Dr. Gwizdka investigates eye-tracking for adaptive user interfaces

Ferguson, John  |  Jul 17, 2017

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Eye tracking
Jacek Gwizdka
Grants & Awards
Lockheed Martin
IX Lab
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Jacek Gwizdka
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Dr. Jacek Gwizdka

School of Information Assistant Professor Jacek Gwizdka, a co-director of the iSchool’s Information eXperience (IX) Lab, is a principal investigator on a new project called “Eye-Tracking for Adaptive User Interfaces.” The project is being funded by Lockheed Martin Corporation.

The main goal of this three-year project is to improve user-system performance in systems with complex displays. Eye-tracking and facial expression detection technologies will be used to sense user cognitive and affective mental states and adapt the display or adjust the training procedures. The objective of adaptation is to improve the user’s situation awareness, reduce mental workload, and proactively provide relevant information. Dr. Gwizdka will supervise a graduate student who will assist in designing and conducting experiments in the IX lab to demonstrate the feasibility of the proposed approach. The resulting techniques should be applicable to environments with complex information, requiring sustained attention and tasks of long duration.

The iSchool’s Information eXperience Lab is a research facility dedicated to the study of human interaction with information across a wide range of digital formats and devices. The lab provides iSchool faculty, students, research collaborators and clients with a state-of-the-art facility in which to conduct research on broadly construed human-information interaction (HII) research topics, including effects of fundamental human capabilities on HII, evaluation of user interface and interaction design, usability, and all aspects of user experience.

Dr. Roy awarded $488K to help veterans become librarians

Ferguson, John  |  May 04, 2017

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a picture of loriene roy
Loriene Roy
Grants & Awards

Texas iSchool Professor Loriene Roy has received a Laura Bush 21st Century Librarian Program award from the Institute of Museum and Library Services (IMLS) to help U.S. veterans become librarians.

In partnership with San José State University and the University of Hawai’i at Mānoa, Dr. Roy will use the $488,501 IMLS grant to conduct a three-year project titled “Reaching Those Who Served: Recruiting and Preparing Military Veterans for Careers in Librarianship.”

The project aims to answer two research questions:

  • How do military veterans choose careers in librarianship and information studies?
  • What are effective strategies to recruit veterans into LIS graduate programs?

Jobs in the information fields share characteristics of a number of “hot jobs” for military veterans, Dr. Roy said. Such careers include IT specialist, math or science teacher and civilian public servant.

Based on the findings of their research, she and her partners will develop guidelines and strategies for recruiting veterans to library and information science master’s programs, among related initiatives. The project will also provide scholarships for 12 military veterans to attend LIS master’s programs.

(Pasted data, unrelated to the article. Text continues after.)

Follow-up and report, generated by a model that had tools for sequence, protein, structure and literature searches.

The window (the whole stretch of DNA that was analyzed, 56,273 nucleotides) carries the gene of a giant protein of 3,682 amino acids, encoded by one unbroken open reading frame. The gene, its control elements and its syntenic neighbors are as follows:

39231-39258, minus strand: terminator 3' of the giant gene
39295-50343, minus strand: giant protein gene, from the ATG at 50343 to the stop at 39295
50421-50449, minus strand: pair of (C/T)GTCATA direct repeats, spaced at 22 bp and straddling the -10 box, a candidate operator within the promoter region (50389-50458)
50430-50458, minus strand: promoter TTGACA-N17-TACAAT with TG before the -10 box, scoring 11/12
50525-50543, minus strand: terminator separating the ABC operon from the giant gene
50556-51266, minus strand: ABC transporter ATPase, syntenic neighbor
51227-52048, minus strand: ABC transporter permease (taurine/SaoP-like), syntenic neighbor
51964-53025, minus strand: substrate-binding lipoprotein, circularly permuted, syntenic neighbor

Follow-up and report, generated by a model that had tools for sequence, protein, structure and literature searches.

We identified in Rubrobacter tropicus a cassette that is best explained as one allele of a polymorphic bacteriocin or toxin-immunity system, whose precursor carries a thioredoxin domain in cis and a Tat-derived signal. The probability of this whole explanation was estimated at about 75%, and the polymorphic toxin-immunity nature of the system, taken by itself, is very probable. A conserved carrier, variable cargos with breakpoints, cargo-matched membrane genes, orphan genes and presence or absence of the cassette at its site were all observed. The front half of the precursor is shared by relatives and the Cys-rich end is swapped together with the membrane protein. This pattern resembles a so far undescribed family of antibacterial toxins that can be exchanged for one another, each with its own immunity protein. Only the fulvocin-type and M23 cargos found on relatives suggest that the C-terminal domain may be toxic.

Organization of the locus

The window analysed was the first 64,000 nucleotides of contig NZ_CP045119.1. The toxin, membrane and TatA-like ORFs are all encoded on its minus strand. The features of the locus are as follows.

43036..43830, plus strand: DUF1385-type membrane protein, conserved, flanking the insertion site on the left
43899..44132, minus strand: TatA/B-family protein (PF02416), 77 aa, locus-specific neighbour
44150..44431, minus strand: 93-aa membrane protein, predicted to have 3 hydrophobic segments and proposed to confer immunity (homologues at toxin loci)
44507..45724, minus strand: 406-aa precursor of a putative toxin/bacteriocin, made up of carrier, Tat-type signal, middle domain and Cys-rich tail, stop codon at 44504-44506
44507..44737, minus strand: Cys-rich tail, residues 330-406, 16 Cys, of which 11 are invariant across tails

“Reaching Those Who Served” was one of 14 projects selected from a field of 58 applications.

The project builds on Dr. Roy’s earlier work with organizations such as the Austin-based nonprofit group SongwritingWith:Soldiers. In 2014 she received a one-year, $50,000 grant from IMLS to plan for “Reaching Those Who Served.”

“We’re thrilled to be able to extend our understanding of how libraries work with military veterans,” Dr. Roy said. “This time we are admitting veterans into master’s programs and studying approaches to recruiting veterans into the information professions.”

For more information, contact Dr. Roy at loriene@ischool.utexas.edu.

This project was made possible in part by the Institute of Museum and Library Services through a 3-year (2017-2020) grant {RE-96-17-0018-17].

Dr. Xie boosting older adults' eHealth skills

Ferguson, John  |  Mar 08, 2017

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Bo Xie
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Dr. Bo Xie
Bo Xie
Grants & Awards

Associate Professor Bo Xie is working on a project that will help older adults use the Internet to make informed choices about health and medicine.

Dr. Xie received a $426,127 grant from the NIH’s National Institute on Aging for the study, which is titled “Boosting Older Adults’ Cognition by Training Real-World eHealth Skills.”

“Older adults face a range of medical decisions,” Dr. Xie said. “The Internet has the potential to meet their needs for a diverse range of health information.”

However, age-related declines in attention, memory and reasoning can make it challenging for the elderly to take full advantage of online resources, she said. Older people also tend to be less familiar with new technology.

To help them overcome these obstacles, Dr. Xie is collaborating with older adults to develop a three-month curriculum that incorporates problem sets and activities that relate to their everyday life decisions.

“There is a dire need for intervention that can improve older adults’ ability to obtain and evaluate online health information and strengthen cognitive processes that are key to daily health-related behaviors,” she said.

Dr. Xie is principal investigator of the project, which began in September 2016 and is scheduled to end in May 2018.


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